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Think beyond salary when weighing the value of an MBA
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15th Dec, 2009 | Source : Graduate Management Admission Council [mba.com]

By any measure, an MBA is a big investment—in time, energy and money. Potential students have always pondered the value of the MBA. But in this economic downturn, the question has added urgency: What’s an MBA worth?

In a strictly monetary sense, the degree consistently adds value in terms of salary. MBAs, on average, make more than both recent college graduates with bachelor’s degrees and master’s level graduates in disciplines other than business. Studies including the Graduate Management Admission Council’s Corporate Recruiters Survey have shown that graduate management degrees can have a significant positive effect on lifetime earnings.

But why do MBAs make more money?

Perhaps more than any other graduate program, the MBA gives students a broad array of applicable skills. MBA programs teach not only the theory behind sound business practices, but also strategic and management skills. The case study method and collaborative approaches used by many MBA programs hones skills in a very practical way.

Some 85 percent of respondents in GMAC’s most recent Global Management Education Graduate Survey said that their program helped them develop important professional skills and abilities, notes Michelle Sparkman-Renz, associate director, GMAC Research and Development. Specifically, graduates were most satisfied with their ability to manage strategy and innovation, their general business knowledge, their strategic and system skills, the ability to manage the decision-making process, and their generative, or innovative, thinking abilities.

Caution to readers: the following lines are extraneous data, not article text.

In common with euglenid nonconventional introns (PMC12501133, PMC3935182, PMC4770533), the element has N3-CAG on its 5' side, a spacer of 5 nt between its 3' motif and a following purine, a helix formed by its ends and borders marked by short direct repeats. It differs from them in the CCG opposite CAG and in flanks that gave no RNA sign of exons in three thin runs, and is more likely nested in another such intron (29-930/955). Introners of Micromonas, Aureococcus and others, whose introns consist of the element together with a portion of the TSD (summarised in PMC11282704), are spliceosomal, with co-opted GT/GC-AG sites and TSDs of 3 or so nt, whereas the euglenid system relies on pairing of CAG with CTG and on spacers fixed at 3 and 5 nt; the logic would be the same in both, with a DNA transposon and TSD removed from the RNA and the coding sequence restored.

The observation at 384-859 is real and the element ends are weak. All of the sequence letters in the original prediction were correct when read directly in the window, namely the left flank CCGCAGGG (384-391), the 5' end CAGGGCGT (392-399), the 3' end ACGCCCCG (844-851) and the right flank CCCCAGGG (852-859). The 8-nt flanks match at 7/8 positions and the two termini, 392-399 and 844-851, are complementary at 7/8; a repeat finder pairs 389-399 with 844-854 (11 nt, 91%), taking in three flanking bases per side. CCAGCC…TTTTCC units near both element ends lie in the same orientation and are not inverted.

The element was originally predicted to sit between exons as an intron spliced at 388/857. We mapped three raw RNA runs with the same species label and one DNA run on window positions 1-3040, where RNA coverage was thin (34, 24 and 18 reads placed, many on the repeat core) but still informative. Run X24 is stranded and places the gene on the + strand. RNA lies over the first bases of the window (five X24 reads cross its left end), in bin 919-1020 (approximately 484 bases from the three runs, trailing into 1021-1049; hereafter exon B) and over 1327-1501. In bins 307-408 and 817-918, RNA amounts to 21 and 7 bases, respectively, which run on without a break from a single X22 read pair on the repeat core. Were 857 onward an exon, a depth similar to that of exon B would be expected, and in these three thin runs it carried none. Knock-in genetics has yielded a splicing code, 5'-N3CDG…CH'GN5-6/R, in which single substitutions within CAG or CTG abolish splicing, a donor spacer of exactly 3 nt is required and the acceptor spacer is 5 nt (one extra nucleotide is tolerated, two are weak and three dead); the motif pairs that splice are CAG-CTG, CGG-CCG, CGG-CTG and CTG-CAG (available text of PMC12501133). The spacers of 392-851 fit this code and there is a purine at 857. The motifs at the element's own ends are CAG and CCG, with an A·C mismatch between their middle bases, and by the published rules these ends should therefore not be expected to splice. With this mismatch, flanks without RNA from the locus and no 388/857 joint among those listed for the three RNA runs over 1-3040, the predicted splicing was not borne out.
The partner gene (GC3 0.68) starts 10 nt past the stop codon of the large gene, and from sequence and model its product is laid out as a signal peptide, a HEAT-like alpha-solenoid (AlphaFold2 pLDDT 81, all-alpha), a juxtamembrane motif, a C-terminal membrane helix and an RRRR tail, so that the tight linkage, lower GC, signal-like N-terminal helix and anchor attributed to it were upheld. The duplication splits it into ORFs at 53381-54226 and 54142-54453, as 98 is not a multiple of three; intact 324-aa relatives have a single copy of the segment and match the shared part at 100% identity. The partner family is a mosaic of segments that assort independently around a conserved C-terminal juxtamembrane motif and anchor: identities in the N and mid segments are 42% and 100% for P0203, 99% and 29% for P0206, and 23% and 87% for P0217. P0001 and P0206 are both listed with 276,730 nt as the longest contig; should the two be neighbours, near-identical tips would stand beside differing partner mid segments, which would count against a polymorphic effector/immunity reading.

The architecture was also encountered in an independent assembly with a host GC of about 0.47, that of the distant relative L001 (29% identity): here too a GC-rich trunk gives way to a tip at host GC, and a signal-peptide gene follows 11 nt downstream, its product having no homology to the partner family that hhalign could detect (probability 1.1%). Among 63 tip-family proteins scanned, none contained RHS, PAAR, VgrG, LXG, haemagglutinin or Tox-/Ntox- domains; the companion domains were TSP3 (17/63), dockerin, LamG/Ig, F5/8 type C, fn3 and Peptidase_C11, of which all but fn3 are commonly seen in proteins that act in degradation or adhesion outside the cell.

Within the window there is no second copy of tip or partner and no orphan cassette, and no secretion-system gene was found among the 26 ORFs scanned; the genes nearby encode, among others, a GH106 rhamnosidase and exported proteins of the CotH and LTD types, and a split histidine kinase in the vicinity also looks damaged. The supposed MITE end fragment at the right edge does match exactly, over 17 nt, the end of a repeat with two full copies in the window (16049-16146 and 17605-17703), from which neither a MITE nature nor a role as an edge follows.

Such skills are applicable across a wide variety of job functions within an organization and across many different industries. The practical skill sets, along with the personal improvement and the personal networks they developed in business school, can all lead to more lifetime career opportunities.

When asked how their management degree had benefitted them, more than three-quarters of those surveyed said it introduced new career opportunities. “That speaks to what today’s generation is looking for,” Sparkman-Renz says. “It gives them a sense of empowerment to control their job outcomes.”
To find out more on getting an mba and to register for the GMAT exam, the standardized test used in admissions by approximately 4,700 busienss programs worldwide, go to mba.com.


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